Category Archives: About vampire bats

New paper: risk exaggerates nepotism in vampire bats

Here’s the paper. In evolutionary biology, we often draw a line between “altruism” and other cooperative traits. Altruistic traits are special in that they lead to a net cost to one’s survival and reproduction. Some traits are clear cases: when a … Continue reading

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Recent media article about vampire bats and friendship

Sapiens Magazine just put out an article about vampire bats and friendship. The author Leah Shaffer did a great job, probably the most accurate media story on the vampire bats I can remember. Usually, journalists get a lot wrong, but … Continue reading

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Revisiting Wilkinson 1984

In 1984, Gerald Wilkinson published a paper in Nature showing that vampire bats share food in the form of regurgitated blood, within groups that contain both kin and non-kin. This was one of the fi… Source: Revisiting Wilkinson 1984

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Social inheritance in vampire food-sharing networks?

We are soon to be wrapping up several analyses and starting some new ones. I want to mention one analysis that never really got off the ground, but it’s a good idea. My intern Jana asked me a great question: Does … Continue reading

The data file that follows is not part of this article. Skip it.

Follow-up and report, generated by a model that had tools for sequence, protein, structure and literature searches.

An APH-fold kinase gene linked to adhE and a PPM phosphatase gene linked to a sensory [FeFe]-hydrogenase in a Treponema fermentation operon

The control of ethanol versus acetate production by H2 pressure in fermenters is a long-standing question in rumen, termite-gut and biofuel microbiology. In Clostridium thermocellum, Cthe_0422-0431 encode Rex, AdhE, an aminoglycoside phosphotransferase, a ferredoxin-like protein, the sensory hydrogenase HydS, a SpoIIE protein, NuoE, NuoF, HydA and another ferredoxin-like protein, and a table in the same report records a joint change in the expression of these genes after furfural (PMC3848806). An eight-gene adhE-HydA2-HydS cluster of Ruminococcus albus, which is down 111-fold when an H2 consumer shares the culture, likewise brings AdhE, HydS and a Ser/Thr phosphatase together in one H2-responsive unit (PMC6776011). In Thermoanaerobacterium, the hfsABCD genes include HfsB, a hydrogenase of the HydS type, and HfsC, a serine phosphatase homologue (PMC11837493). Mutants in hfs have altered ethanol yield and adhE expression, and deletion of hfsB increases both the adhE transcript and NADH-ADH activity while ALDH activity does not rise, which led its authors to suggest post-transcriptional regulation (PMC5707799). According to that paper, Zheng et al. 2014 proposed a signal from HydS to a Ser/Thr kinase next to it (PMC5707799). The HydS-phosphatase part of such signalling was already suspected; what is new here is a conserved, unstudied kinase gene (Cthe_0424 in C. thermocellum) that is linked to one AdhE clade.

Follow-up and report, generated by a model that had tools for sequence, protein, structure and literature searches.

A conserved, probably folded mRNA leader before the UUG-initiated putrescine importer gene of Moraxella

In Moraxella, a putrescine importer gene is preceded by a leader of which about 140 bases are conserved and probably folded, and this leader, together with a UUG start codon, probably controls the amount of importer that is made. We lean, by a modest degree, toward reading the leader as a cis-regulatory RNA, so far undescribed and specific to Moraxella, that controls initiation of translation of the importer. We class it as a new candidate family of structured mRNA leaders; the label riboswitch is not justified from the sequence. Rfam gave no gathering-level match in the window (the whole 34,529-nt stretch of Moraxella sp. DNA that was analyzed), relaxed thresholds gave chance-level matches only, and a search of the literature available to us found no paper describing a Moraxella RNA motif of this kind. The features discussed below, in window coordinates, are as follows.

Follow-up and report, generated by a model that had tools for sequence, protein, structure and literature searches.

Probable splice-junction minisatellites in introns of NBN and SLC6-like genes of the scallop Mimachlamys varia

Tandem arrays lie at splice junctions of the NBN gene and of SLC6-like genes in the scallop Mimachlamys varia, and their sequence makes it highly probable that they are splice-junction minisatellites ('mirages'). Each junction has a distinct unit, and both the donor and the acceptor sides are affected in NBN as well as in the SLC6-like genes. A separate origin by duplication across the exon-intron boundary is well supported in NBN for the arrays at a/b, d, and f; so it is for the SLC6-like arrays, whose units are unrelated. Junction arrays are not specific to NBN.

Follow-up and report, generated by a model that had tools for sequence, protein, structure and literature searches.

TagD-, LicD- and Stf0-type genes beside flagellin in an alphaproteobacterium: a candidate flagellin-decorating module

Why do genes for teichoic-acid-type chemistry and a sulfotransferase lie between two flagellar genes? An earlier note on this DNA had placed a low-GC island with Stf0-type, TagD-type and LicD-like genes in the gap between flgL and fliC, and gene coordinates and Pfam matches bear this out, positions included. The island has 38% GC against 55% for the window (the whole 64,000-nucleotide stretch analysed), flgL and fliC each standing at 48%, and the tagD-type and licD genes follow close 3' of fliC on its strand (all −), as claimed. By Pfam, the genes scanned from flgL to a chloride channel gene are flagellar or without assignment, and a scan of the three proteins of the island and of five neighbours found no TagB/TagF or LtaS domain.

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New paper on vampire bat communication

Our newest paper is Common vampire bat contact calls attract past food-sharing partners in the journal Animal Behaviour. You can download the paper for free until June 12, 2016 here at this link: http://authors.elsevier.com/a/1SwLKmjLdkSa It’s a simple playback experiment where we disentangled … Continue reading

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Non-maternal allogrooming of pups

We have four new vampire bats. The bats here at the field station have been breeding in captivity, which is a good sign that they are doing well, and it ensures we have some highly related dyads for our experiments. My … Continue reading

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What can vampire bats teach us about human cooperation?

I have been asked this question several times by journalists and people during outreach events. So here’s my answer: If you really want to understand human cooperation, you should study humans. Specifically, we should study how humans cooperate with each … Continue reading

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